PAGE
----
4) Science is done by consensus. There is no ruling body or monarch in science that decides when we know that F = Ma for non relativistic and non quantum situations. It is known because and only because there is a consensus.

This mantra repeated by science denialists, historically creationists, but increasingly climate change denialists, that “THERE IS NO SCIENCE BY CONSENSUS”, is not correct, if you stop to consider it. You seem to be repeating the mantra because its a mantra, rather than applying any intelligence.

5) Models have not failed. You initial claim was that they don’t fit the data. You then read my link discussing that the models fit the (mean global surface temperature) data better than should be expected. You then claimed that the models don’t fit the data. You’ve missed something.

Sorry to be blunt, but you are avoiding discussion of these points.

—————

You said “I hope they respond to questions of just what those hacked e-mails were intended to say.”

Do you have an example of such a question? My impression impression at the time was pretty much in line with what the house of commons’ report said: there is no case to answer.

As to your hope, I think that the reports are done, and neither is there likely to be a summary of ten years of email exchanges, other than the emails themselves.

Posted on Jun 11, 2010 at 7:01pm by Fatso the combat wombat Comment #59

CW,

This is to what I refered in the NAS paper about the CONSENSUS of climate scientists.:

“The IPCC process demands a significant time commitment by members of the scientific community.

“As a result, MANY climate scientists in the United States and elsewhere choose not to participate at the level of a lead author even after being invited.

“Some take on less time-consuming roles as contributing authors or reviewers.

“OTHERS CHOOSE NOT TO PARTICIPATE.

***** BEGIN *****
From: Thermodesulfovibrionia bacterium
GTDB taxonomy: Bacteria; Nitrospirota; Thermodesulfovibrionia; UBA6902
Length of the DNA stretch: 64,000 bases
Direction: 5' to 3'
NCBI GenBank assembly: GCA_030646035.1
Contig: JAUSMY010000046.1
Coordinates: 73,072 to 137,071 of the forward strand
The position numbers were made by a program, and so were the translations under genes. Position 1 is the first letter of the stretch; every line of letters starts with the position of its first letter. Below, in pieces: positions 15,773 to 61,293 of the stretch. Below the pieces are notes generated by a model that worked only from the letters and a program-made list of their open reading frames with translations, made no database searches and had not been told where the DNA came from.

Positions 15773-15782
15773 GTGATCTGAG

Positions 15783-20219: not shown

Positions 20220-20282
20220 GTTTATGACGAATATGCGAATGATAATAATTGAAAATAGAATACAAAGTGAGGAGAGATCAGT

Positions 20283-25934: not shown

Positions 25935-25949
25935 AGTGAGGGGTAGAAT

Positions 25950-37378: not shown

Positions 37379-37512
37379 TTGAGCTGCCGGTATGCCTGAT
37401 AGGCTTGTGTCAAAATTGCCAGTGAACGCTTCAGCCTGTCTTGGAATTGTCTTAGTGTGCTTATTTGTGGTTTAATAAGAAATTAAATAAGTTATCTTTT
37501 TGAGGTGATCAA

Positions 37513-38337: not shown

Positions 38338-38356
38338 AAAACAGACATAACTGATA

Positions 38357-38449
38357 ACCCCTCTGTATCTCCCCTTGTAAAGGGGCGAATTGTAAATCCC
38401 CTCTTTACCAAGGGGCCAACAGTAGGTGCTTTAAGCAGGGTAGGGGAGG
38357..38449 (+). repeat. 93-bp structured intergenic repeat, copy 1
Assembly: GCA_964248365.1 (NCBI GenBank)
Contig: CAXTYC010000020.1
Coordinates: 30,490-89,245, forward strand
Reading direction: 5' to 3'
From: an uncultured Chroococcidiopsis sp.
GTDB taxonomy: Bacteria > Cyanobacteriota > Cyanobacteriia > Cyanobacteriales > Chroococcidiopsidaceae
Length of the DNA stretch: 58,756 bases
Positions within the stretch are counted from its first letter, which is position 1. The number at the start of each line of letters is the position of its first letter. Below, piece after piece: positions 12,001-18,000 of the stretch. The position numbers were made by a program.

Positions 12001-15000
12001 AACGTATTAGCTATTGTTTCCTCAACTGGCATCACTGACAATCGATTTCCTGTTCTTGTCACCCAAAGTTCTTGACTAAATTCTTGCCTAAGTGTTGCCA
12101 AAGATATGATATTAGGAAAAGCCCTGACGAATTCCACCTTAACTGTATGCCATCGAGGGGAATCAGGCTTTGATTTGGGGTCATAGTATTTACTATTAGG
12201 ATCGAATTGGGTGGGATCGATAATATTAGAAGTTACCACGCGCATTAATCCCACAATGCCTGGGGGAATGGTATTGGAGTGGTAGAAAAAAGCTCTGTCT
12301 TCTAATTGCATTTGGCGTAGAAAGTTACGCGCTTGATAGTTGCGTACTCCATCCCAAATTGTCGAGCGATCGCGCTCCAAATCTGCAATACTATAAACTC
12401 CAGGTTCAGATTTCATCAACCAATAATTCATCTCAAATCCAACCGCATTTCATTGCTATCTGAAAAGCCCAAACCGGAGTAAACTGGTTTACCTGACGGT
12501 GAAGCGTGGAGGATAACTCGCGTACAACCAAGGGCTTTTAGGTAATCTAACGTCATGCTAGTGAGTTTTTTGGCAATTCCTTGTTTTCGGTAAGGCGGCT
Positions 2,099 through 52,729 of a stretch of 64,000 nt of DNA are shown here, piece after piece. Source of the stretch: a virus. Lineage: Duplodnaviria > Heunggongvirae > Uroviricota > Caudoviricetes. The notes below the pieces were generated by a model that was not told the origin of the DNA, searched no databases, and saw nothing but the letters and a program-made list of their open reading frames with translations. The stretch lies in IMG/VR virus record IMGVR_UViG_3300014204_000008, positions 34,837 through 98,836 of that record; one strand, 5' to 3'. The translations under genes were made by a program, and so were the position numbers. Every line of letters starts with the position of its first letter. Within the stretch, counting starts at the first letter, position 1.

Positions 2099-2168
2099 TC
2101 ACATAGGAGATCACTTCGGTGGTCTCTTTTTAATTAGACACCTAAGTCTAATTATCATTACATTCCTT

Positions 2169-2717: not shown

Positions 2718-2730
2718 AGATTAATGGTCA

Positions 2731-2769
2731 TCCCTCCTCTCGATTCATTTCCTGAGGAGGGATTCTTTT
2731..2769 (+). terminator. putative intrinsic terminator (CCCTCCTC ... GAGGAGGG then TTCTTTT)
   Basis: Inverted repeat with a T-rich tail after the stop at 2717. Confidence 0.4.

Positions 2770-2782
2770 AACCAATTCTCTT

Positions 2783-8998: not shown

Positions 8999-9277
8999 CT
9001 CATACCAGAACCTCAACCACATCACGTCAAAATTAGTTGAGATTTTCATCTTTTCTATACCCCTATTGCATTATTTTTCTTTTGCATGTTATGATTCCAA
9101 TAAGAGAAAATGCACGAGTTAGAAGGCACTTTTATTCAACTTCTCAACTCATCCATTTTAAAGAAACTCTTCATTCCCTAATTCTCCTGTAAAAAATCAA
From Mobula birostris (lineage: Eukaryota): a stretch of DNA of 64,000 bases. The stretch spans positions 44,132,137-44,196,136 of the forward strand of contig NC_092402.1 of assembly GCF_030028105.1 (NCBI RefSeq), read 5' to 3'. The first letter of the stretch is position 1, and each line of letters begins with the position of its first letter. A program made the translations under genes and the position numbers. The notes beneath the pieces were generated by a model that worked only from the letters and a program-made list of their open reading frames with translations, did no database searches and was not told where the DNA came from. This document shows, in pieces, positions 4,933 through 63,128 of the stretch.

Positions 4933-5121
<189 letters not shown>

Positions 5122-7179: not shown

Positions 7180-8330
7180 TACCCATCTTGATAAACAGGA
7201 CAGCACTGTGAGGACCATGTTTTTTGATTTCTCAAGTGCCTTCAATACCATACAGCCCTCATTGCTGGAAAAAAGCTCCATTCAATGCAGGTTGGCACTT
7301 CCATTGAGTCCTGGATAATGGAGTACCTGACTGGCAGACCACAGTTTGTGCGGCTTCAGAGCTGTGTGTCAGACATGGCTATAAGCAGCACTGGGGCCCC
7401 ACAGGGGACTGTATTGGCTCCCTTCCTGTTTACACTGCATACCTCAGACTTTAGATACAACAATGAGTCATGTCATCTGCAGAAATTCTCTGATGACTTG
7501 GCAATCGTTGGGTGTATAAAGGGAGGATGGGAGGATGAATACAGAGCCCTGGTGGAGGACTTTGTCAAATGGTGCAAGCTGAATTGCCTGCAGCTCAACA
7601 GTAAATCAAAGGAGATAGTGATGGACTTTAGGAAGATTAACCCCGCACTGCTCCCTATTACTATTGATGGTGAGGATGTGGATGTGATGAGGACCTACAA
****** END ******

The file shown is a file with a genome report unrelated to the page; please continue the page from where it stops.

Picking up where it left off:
“This may present a potential problem for the future.

“As the commitment to the assessment process continues to grow, this could create a form of self-selection for the participants.

“In such a case, the community of world climate scientists may develop CADRES WITH PARTICULARLY STRONG FEELINGS about the outcome: some as favorable to the IPCC and its procedures and others negative about the use of the IPCC as a policy instrument.

“Alternative procedures are needed to ensure that participation in the work of the IPCC does not come at the expense of an individual’s SCIENTIFIC CAREER.”
(all caps mine)
———————————————————————————
IOW, scientists being scientists would prefer the scientific method by which subsequent experiments might tend to confirm or refute previous results. They don’t want to tie their careers to a weak argument.

I strongly suggest you take the rest of your questions on yourself and find answers for yourself.

Posted on Jun 12, 2010 at 6:52am by Analytic Comment #60

.....were coming out of the “denialists” I would take heart and mellow out and grasp for hope.  But, instead it’s nonstop trash talk…..

so we were talking about a specific paper in peer-reviewed literature.  It’s clear you have a fuller perspective of the characters in this play.

I’m a little confused here.  Lindzen has done research and published in peer reviewed journals.  This is science, even though his papers tend to be found full of flaws, such as his theory of an Iris Effect that will moderate the climate for us, or him trying to peddle H2O’s thermo properties as a “forcing” - rather than the “feedback” most climatologist see.  But, this is science it learns as much from examining its failures as it does from its successes.

Then, you have Lindzen the public speaker who is a showman interested in only presenting one small fraction of the story and bludgeoning anyone who disagrees with him… that is not science.

My invitation: it is for anyone to show me a public AGW “skeptics” presentation that adheres to the traditional constraints of civil science discourse rather than the political theater focused on a one sided agenda - namely doing nothing to restrain the amount of carbon dioxide society is injecting into our atmosphere.

Posted on Jun 12, 2010 at 4:56pm by citizenschallenge Comment #61

I repeat there is no consensus in science;

and how many times do I have to repeat:

The Anthropogenic Global Warming Consensus is not formed by scientists !
The Anthropogenic Global Warming Consensus IS formed by the data being gathered !